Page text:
Research looks for cost-effective methods to manage nematodes, fungal diseases

By |  December 7, 2022 0 Comments
Scientists from the University of Florida are researching cost-effective control techniques for nematodes and fungal diseases. (Photo courtesy Marco Schiavon)

Scientists from the University of Florida research cost-effective control techniques for nematodes and fungal diseases. (Photo courtesy Marco Schiavon)

A research team at the University of Florida’s Institute of Food and Agricultural Sciences (UF/IFAS) will seek to will develop cost-effective methods for managing nematodes and fungal diseases. The team at UF said the research will benefit the turfgrass industry in Florida, Georgia and other parts of the Southern U.S.

“Sting and root-knot nematodes are major pests of turfgrass in the Southern United States,” said Abolfazl Hajihassani, a scientist at UF/IFAS. “The problem lies in that the combination of pests and diseases affect the growth and quality of the turfgrass. Management tools rely mainly on a limited number of expensive chemical fumigants and nematicides.”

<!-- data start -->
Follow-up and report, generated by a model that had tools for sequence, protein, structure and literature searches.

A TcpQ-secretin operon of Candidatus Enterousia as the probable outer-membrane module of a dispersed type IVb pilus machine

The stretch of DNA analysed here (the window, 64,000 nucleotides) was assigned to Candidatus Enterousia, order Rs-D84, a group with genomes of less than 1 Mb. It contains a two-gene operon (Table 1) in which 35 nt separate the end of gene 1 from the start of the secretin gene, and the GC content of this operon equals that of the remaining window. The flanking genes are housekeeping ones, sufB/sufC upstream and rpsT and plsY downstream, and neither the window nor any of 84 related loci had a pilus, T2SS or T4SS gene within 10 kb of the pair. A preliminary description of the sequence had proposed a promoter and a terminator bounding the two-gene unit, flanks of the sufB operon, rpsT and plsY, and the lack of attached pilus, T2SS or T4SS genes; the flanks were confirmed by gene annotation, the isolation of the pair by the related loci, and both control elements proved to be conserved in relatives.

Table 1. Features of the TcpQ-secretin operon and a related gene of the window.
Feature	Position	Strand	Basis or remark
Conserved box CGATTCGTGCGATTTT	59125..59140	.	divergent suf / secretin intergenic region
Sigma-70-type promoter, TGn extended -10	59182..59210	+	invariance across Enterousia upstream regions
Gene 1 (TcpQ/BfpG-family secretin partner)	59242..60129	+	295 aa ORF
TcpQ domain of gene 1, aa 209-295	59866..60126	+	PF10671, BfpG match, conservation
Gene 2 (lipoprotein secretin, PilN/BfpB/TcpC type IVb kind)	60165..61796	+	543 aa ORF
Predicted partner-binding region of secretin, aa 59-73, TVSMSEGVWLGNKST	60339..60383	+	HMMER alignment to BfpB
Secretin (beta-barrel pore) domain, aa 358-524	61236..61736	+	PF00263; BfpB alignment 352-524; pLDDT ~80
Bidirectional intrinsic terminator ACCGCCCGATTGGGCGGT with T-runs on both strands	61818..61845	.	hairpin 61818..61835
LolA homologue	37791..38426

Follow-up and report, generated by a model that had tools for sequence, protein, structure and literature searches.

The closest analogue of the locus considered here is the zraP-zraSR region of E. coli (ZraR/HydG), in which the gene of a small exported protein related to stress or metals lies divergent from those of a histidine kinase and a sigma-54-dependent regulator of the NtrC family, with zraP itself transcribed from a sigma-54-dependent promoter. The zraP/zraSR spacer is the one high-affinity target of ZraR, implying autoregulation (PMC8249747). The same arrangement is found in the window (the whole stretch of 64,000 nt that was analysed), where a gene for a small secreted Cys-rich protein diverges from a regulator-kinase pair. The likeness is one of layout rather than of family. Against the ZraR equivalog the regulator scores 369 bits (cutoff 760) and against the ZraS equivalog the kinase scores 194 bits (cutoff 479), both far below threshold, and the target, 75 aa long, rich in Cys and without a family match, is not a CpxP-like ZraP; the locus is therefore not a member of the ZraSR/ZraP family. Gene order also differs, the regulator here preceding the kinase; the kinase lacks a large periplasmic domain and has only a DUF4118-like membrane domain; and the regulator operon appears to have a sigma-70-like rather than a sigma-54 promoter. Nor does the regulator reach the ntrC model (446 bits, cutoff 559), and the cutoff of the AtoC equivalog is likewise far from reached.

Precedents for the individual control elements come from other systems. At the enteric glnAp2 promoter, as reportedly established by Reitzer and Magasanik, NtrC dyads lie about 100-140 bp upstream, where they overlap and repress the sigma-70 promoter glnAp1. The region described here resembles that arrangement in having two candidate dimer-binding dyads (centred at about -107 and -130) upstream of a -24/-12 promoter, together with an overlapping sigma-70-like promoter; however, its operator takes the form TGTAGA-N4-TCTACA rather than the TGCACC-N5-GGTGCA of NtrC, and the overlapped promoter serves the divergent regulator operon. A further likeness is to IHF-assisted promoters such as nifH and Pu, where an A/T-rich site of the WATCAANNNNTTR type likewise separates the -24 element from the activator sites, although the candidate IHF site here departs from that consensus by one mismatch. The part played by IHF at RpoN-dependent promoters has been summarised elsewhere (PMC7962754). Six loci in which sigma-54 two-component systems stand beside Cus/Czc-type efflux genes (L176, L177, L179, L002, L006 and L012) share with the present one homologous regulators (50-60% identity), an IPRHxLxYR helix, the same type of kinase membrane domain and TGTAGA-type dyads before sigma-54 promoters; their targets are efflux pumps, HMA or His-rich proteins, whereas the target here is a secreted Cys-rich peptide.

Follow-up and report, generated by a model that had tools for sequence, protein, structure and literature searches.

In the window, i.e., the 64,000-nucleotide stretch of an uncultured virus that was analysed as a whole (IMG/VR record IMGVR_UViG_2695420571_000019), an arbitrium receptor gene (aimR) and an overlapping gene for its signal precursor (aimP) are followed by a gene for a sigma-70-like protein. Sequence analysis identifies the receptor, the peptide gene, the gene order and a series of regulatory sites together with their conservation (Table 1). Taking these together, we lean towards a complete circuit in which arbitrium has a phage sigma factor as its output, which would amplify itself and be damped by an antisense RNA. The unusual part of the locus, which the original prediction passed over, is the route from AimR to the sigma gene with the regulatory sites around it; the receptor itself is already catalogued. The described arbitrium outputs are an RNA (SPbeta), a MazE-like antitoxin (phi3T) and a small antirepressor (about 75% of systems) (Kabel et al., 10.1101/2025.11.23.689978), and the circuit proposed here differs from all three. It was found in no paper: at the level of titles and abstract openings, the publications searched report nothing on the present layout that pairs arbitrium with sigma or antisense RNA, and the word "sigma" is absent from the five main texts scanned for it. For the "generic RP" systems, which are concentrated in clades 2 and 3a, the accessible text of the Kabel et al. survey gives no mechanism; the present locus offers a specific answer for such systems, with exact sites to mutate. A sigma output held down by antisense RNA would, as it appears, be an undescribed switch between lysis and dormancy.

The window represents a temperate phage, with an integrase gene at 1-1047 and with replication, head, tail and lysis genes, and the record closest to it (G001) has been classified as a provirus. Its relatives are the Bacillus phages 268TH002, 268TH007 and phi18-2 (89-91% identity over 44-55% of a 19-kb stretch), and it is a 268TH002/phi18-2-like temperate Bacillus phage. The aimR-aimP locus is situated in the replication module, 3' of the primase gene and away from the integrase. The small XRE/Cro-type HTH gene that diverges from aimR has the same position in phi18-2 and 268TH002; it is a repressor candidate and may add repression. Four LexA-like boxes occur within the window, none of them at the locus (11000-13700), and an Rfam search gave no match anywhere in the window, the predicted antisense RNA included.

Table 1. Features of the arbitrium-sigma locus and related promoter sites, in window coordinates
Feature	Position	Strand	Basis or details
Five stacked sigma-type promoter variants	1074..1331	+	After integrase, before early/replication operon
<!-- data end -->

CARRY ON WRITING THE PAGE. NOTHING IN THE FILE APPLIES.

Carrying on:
Hajihassani, an assistant professor at UF/IFAS Fort Lauderdale Research and Education Center (UF/IFAS FLREC) is the principal investigator on a $471,201 grant awarded by the U.S. Department of Agriculture’s National Institute of Food and Agriculture.

Hajihassani’s team will conduct monthly samplings from five locations located throughout southeast and southwest Florida. Four of the sites are golf courses where nematodes are prevalent to monitor the population changes of these pests. The fifth location is the turfgrass testing field at UF/IFAS FLREC.

“The idea is to determine when nematodes are at the highest population near the top surface of the soil so that the nematodes can be better exposed to nematicides which in turn result in reduced population and turf damage,” said Hajihassani. “We are trying to detect fungal and bacterial secondary metabolites with the ability to control root-knot and sting nematodes and fungal diseases of turf.”

Seeking biological solutions to suppress the population of nematodes and fungal disease is another objective of the research. Hajihassani’s team will evaluate the economic profitability of the developed practices and implement extension and outreach activities.

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